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# getting glut to accept class members as callbacks

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I'm making a game, and I want to have the whole thing inside a class called TheGame. I was planning on putting the gl and glut init stuff inside of the constructor, and using member functions as drawing, resizing, and input callbacks. However, glut does not seem to allow that.
  TheGame::TheGame() { glutInit(&argc, argv); glutInitDisplayMode(GLUT_DOUBLE | GLUT_RGB | GLUT_DEPTH); glutInitWindowSize(500, 500); glutInitWindowPosition(400, 50); glutCreateWindow("The Window"); glutDisplayFunc(drawFrame); //this is TheGame::drawFrame() glutReshapeFunc(resizeDisplay); //and TheGame::resizeDisplay() } 
When I try to compile this this is the error I get: error C2664: 'glutDisplayFunc' : cannot convert parameter 1 from 'void (void)' to 'void (__cdecl *)(void)' I get it for each of the callback setting functions. When I change drawFrame and resizeDisplay to _not_ be class members, it works perfectly. But that means that I'd have to have a set of functions that kind of crutch TheGame along instead of having it run all by itself. Is there anyway to change this? And what does __cdecl mean? I looked it up on MSDN and it said something about being MS specific.. I've never seen it before. Thanks for any help /riley Edited by - rileyriley on February 19, 2001 10:18:03 AM Edited by - rileyriley on February 19, 2001 10:19:21 AM

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__cdecl is a calling convention.

A calling convention is a way how the parameters of a function are pushed to the stack and all that other assembly stuff so I won't explain that here because I don't like to type that much.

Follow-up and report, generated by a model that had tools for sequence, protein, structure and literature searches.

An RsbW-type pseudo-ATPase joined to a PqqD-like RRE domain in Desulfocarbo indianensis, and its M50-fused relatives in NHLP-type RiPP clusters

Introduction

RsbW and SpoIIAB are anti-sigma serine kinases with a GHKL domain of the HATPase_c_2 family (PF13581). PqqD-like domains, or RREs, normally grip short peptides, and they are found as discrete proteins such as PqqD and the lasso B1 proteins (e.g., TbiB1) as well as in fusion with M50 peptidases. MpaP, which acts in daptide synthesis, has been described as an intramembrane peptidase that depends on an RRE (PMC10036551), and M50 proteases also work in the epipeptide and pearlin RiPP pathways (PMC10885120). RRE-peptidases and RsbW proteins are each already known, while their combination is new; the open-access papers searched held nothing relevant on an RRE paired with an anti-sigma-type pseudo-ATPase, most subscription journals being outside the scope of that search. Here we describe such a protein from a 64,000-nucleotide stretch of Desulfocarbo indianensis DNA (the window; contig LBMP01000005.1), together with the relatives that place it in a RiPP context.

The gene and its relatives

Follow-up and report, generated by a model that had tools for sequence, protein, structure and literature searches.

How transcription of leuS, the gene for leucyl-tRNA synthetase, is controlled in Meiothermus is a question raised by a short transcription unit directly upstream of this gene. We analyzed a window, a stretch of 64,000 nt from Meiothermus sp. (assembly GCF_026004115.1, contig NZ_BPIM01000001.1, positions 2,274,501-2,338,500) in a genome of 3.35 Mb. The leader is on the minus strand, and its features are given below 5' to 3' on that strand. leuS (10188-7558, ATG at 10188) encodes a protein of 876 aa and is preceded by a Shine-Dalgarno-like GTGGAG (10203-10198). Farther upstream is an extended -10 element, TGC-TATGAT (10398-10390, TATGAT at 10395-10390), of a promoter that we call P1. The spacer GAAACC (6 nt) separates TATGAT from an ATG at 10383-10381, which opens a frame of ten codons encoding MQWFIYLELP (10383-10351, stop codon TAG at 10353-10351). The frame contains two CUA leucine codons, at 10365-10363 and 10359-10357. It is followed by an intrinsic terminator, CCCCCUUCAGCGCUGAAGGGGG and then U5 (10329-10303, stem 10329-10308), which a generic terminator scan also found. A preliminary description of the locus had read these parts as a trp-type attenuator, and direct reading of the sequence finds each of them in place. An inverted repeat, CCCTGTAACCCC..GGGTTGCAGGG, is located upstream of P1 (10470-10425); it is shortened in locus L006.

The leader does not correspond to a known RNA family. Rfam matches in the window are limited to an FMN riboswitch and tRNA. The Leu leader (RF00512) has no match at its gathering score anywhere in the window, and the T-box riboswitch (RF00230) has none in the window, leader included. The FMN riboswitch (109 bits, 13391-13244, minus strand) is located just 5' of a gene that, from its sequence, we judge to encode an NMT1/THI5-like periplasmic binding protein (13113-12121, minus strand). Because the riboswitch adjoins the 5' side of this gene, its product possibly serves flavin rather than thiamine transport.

__cdecl and/or __stdcall are normally used for most functions but when using classes there's another convention used: thiscall.
That's because classes have their functions attached to the this pointer.

  eg.void CExample::FirstFunction(){ // When you're calling a function from this class... SecondFunction(); // ...you're actually doing this: this->SecondFunction(); // You can also use the last one if you like but it's just // more typing. // Sometimes it can be handy to call it with the this pointer // when there are 2 functions with the same name: 1 // in the class and 1 global function. // Then just call this->TheFunction() and the function in this // class will be executed instead of the global function.} However, when using callbacks there's one little tiny small problem: you can't attach a function pointer meant for __cdecl to a pointer declared with thiscall.So we need a way to get around this problem.The solution is simple: make the callbacks in your class static!But now there's another problem.. when a member function is static you can't acces the member variables.There are various ways to get around this problem but that depends on what you like most. // this... void TheGame::drawFrame(); // ...should be like this when using callbacks in classes static void TheGame::drawFrame(); // NOTE: You only have to do this in front of the declaration. // (header)

Hope I've explained it well enough...

Edited by - richardve on February 19, 2001 12:13:56 PM

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ahhh, thanks a lot. The sense of "I shoulda known that" is so strong right now that I really can''t decide if I remember thinking of trying the static thing before. It definitely feels like it but I can''t think of any reason I would have changed it back so it must be my ego telling me I really _am_ smart.

Thanks again
/riley

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